Sunday, January 8, 2017

Sweet Smell of Success Movie Review

Sweet Smell of Success (1957)
Rent Sweet Smell of Success on Amazon Video
Written by: Clifford Odets and Ernest Lehman, Ernest Lehman (novel), Alexander Mackendrick (uncredited)
Directed by: Alexander Mackendrick
Starring:  Burt Lancaster, Tony Curtis, Susan Harrison
Rated: --/

My rating is simple, Watch It, It Depends, Skip it. Read my previous movie reviews!

J.J. Hunsecker, a powerful and corrupt Broadway columnist, intends to break up his sister's romance with a musician by coercing press agent Sidney Falco to do it in exchange for a favorable review.

What a movie. Don't let the black and white fool you, despite the lack of internet and modern communications this feels modern. It was a movie ahead of its time. Lancaster and Curtis nail their parts. It's a timeless premise of greed and treachery, with a script full of slick dialog.
Watch it.

Tony Curtis has a lot of charm as publicist Sidney Falco, which is fortunate since he's despicable. Falco is trying to get an article published promoting a client, and newspaper columnist J.J. Hunsecker is using it as leverage to break up his sister's relationship to a jazz musician without getting his hands dirty.

Falco is willing to lie and blackmail to get ahead. He's a gopher for Hunsecker just at the promise of favors. He's willing to do anything for a quick buck. He's the kind of person that would claim some acts are too far, but spin that just to increase his asking price.
Falco manages to see one of Hunsecker's columns praising a local comic early and plays a ruse on the comic, telling him he'll put in a good word for him at the paper. We and Falco know the column is coming out, but the comic has no idea. Falco claims to call Hunsecker and tell him about the hilarious comic.  We've seen the fake phone call before, but this does it will with a great set up. Then again, when this movie came out, that might have been a new concept.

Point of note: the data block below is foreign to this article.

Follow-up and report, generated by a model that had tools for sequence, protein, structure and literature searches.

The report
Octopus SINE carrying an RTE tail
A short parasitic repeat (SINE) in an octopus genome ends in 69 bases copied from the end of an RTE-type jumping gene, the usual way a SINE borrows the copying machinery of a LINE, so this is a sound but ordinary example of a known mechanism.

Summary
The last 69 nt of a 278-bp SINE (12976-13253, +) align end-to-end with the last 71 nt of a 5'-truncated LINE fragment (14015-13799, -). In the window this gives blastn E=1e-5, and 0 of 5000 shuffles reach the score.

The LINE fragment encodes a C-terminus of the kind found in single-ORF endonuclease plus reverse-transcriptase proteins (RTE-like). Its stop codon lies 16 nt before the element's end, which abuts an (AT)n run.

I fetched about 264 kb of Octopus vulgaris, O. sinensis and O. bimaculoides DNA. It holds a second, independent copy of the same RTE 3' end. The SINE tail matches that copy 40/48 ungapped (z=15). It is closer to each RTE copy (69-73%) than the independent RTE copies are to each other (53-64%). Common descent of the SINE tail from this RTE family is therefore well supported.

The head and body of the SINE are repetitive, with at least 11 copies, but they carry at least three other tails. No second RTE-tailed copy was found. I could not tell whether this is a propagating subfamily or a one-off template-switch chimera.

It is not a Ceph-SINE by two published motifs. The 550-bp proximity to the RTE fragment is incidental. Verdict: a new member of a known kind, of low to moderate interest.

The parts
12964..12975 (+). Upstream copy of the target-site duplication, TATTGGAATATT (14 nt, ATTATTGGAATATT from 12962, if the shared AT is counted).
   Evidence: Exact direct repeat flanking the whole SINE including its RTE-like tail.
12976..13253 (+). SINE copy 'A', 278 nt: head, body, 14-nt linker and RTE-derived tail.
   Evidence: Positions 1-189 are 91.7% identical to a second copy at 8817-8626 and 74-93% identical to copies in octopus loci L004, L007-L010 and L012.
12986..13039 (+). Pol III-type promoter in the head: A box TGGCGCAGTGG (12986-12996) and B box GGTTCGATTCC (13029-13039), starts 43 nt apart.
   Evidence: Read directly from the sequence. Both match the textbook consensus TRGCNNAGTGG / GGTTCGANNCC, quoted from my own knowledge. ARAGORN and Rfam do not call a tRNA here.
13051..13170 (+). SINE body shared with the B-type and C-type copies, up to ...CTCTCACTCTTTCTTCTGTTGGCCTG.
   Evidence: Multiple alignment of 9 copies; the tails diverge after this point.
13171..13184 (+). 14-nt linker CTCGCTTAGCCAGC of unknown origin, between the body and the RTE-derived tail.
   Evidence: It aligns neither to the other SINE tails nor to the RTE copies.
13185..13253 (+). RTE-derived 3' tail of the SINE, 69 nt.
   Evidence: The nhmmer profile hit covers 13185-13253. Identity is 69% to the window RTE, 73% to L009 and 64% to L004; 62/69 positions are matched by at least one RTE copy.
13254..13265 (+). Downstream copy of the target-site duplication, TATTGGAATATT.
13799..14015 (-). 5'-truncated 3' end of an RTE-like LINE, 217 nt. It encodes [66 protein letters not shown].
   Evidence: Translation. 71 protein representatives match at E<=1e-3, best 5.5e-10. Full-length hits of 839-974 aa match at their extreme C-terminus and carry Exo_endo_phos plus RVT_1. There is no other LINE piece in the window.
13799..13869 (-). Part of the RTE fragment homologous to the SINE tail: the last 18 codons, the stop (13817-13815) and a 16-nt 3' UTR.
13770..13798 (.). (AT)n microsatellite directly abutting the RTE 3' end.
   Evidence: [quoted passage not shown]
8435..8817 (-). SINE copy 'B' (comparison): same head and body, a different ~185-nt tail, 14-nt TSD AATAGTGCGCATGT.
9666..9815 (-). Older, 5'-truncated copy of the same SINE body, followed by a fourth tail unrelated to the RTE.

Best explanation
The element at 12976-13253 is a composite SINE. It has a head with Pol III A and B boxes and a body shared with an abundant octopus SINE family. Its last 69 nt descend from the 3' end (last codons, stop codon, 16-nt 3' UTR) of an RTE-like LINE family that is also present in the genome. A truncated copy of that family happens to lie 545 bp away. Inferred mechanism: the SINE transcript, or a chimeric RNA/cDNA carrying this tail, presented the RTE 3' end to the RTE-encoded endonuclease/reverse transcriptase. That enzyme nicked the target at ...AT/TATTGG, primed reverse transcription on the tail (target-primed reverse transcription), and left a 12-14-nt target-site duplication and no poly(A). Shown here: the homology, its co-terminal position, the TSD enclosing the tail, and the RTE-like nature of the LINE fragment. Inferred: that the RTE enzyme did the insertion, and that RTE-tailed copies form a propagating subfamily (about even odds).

Hunsecker is a guy that seems to know a little bit about everything, using that knowledge to his advantage. He's friends with beat cops and politicians. He doles out rewards to Falco, getting him to do his bidding. Despite his power he's quite petty, feeling the need to exert control over his sister. Is there anyone good enough for her?

Together they plan to break up Hunsecker's sister. Hunsecker will stop at nothing, and while Falco thinks they've gone too far, he won't stop at the promise of promotion in the paper. Their acting is phenomenal, overshadowing everyone else. This movie didn't do well when it was first released because no one liked seeing Lancaster and Curtis as bad guys. It was atypical of their usual roles.

The dialog is sharp, with good lines and quick back and forth conversations. It was ahead of it's time. You'll soon forget about the black and white images, completely immersed in the story. The dialog and performances don't feel dated, and that can often happen in films this old

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